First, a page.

Eventually the hare managed to anger the goddess Ostara, and she cast him into the skies where he would remain as the constellation Lepus (The Hare) forever positioned under the feet of the constellation Orion (the Hunter). He was allowed to return to earth once each year, but only to give away his eggs to the children attending the Ostara festivals that were held each spring. The tradition of the Easter Bunny had begun.

Easter Bunny had begun.

The Hare was sacred in many ancient traditions and was associated with the moon goddesses and the various deities of the hunt. In ancient times eating the Hare was prohibited except at Beltane (Celts) and the festival of Ostara (Anglo-Saxons), when a ritual hare-hunt would take place.

In many cultures rabbits, like eggs, were considered to be potent remedies for fertility problems. The ancient philosopher-physician Pliny the Elder prescribed rabbit meat as a cure for female sterility, and in some cultures the genitals of a hare were carried to avert barrenness.

Medieval Christians considered the hare to bring bad fortune, saying witches changed into rabbits in order to suck the cows dry. It was claimed that a witch could only be killed by a silver crucifix or a bullet when she appeared as a hare.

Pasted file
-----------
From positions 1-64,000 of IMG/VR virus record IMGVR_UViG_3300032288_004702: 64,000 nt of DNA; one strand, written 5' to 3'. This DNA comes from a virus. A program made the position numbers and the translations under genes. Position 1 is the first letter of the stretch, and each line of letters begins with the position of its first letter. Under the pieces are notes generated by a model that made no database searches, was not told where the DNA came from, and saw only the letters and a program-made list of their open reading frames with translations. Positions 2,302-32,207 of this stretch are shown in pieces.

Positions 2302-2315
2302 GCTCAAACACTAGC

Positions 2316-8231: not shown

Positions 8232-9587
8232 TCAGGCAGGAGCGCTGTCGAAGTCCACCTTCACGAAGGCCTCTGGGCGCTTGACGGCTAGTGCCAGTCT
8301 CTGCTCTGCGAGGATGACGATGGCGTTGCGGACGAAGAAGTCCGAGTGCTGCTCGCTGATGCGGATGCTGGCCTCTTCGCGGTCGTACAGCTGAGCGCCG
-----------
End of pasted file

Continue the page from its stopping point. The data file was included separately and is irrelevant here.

Given their “mad” leaping and boxing displays during mating season as well as their ability to produce up to 42 offspring each spring, it is understandable that they came to represent lust, sexuality, and excess in general. Medieval Christians considered the hare to be an evil omen, believing that witches changed into rabbits in order to suck the cows dry. It was claimed that a witch could only be killed by a silver crucifix or a bullet when she appeared as a hare.

In later Christian tradition the white Hare, when depicted at the Virgin Mary’s feet, represents triumph over lust or the flesh. The rabbit’s vigilance and speed came to represent the need to flee from sin and temptation and a reminder of the swift passage of life.

And, finally, there is a sweet Christian legend about a young rabbit who, for three days, waited anxiously for his friend, Jesus, to return to the Garden of Gethsemane, not knowing what had become of him. Early on Easter morning, Jesus returned to His favorite garden and was welcomed the little rabbit. That evening when the disciples came into the garden to pray, still unaware of the resurrection, they found a clump of beautiful larkspurs, each blossom bearing the image of a rabbit in its center as a remembrance of the little creature’s hope and faith.